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Claims about flood-damaged cars aren't true
DETROIT (AP) â¿¿ In the days since Superstorm Sandy, an alarming prediction has flashed across the Internet: Hundreds of thousands of flood-damaged vehicles will inundate the nation's used-car market, and buyers might not be told which cars have been affected.
Not true, according to insurance-claims data reviewed by The Associated Press. The actual number of vehicles is far smaller, and some of those cars will be repaired and kept by their owners. The dire predictions are being spread by a company that sells vehicle title and repair histories and by the largest group representing American car dealers.
They claim the number of cars damaged by Sandy could be larger than when Hurricane Katrina hit the Gulf Coast in 2005 and damaged more than 600,000 vehicles. But an AP analysis of claims data supplied by major insurance companies shows the number of cars reported damaged so far is a fraction of that.
Stocks slide on Wall Street, extending sell-off
NEW YORK (AP) â¿¿ Stocks slid on Wall Street Thursday, a day after the Dow Jones industrial average logged its biggest one-day drop of the year, as investors fretted about the potential for gridlock in Washington.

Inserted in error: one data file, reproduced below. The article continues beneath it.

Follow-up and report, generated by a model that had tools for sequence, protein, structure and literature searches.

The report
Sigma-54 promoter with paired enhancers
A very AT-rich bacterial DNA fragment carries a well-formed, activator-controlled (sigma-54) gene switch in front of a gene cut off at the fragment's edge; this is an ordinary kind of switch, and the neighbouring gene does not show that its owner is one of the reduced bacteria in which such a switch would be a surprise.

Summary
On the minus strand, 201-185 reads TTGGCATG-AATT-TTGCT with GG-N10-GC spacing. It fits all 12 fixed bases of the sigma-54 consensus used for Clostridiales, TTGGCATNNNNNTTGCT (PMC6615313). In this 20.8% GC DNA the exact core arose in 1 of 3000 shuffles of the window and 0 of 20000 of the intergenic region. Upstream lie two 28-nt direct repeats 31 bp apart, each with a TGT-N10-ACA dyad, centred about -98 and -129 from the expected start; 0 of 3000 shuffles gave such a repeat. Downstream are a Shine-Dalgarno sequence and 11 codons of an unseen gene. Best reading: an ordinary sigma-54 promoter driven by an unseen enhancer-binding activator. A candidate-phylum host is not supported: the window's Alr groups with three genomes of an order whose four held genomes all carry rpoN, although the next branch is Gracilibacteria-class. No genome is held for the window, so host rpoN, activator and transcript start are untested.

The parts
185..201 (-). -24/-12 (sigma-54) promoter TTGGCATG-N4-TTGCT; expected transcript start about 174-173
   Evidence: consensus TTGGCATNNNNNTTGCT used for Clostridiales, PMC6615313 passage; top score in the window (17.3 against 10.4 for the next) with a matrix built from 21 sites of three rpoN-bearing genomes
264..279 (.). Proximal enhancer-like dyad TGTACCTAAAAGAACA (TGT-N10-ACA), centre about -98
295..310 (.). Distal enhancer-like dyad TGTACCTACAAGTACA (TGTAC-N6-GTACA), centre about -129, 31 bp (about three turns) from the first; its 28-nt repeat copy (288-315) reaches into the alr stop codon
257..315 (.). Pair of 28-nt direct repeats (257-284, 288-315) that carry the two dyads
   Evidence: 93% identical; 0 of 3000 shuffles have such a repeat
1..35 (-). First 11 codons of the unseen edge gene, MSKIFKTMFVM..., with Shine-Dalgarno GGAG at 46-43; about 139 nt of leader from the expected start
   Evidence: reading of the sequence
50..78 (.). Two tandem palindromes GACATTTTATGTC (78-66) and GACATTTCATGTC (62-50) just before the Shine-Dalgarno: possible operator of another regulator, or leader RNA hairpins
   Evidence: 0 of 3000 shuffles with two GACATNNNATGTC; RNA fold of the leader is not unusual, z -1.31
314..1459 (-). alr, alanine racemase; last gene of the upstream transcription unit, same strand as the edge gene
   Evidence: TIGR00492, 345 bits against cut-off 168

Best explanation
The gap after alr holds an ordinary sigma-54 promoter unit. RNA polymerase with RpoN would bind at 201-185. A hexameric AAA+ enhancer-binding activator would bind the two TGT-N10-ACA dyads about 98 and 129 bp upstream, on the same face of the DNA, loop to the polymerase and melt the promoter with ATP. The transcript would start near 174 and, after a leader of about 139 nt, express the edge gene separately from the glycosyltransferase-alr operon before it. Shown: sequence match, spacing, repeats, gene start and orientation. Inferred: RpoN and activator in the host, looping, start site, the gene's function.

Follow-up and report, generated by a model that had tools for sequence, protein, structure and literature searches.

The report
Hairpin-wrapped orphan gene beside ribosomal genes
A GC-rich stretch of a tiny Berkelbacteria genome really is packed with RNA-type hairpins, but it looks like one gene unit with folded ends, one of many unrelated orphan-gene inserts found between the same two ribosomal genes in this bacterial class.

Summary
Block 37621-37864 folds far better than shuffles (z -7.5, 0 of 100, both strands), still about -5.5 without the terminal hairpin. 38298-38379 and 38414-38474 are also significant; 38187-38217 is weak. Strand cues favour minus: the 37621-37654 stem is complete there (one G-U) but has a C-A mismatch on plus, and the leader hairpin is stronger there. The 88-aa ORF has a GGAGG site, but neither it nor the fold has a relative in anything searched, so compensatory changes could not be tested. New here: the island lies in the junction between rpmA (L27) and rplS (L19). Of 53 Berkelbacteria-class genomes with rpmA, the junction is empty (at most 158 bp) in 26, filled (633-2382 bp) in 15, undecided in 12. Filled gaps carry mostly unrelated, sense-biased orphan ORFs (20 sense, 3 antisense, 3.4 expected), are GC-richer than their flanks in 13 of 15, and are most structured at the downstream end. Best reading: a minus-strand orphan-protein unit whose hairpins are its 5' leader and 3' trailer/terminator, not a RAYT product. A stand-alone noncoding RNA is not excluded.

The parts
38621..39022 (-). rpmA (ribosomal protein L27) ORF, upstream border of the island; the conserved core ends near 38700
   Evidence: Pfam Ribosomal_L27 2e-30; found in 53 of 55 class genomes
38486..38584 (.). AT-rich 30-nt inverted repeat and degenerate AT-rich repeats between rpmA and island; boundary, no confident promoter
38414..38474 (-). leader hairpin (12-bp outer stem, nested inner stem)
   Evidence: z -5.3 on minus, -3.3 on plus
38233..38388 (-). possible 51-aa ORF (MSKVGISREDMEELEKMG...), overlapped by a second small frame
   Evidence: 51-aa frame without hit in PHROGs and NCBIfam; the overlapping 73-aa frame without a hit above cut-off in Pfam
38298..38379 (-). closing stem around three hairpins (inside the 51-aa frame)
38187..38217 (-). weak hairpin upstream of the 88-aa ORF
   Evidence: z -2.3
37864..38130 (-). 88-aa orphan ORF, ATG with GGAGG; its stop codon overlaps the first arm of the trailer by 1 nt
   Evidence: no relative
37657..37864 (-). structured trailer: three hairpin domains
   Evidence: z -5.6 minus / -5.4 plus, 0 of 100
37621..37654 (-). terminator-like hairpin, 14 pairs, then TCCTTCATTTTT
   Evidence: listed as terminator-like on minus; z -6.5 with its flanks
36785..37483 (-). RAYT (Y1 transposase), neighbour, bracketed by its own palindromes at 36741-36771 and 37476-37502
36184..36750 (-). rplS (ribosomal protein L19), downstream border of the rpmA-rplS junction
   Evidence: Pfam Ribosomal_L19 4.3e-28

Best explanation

The Dow closed down 121.41 points to 12,811.32, bringing its two-day loss to 434 points. The Standard and Poor's 500 index fell 17.02 points to 1,377.51 and the Nasdaq composite slipped 41.70 to 2,895.58.
The Dow plunged 313 points Wednesday, its fifth worst one-day drop following a U.S. presidential election. The biggest, in 2008, came in the midst of the financial crisis on the day after President Barack Obama won his first term.
McDonald's sales drop for first time since 2003
NEW YORK (AP) â¿¿ McDonald's Corp. is having a tough time stomaching the competition.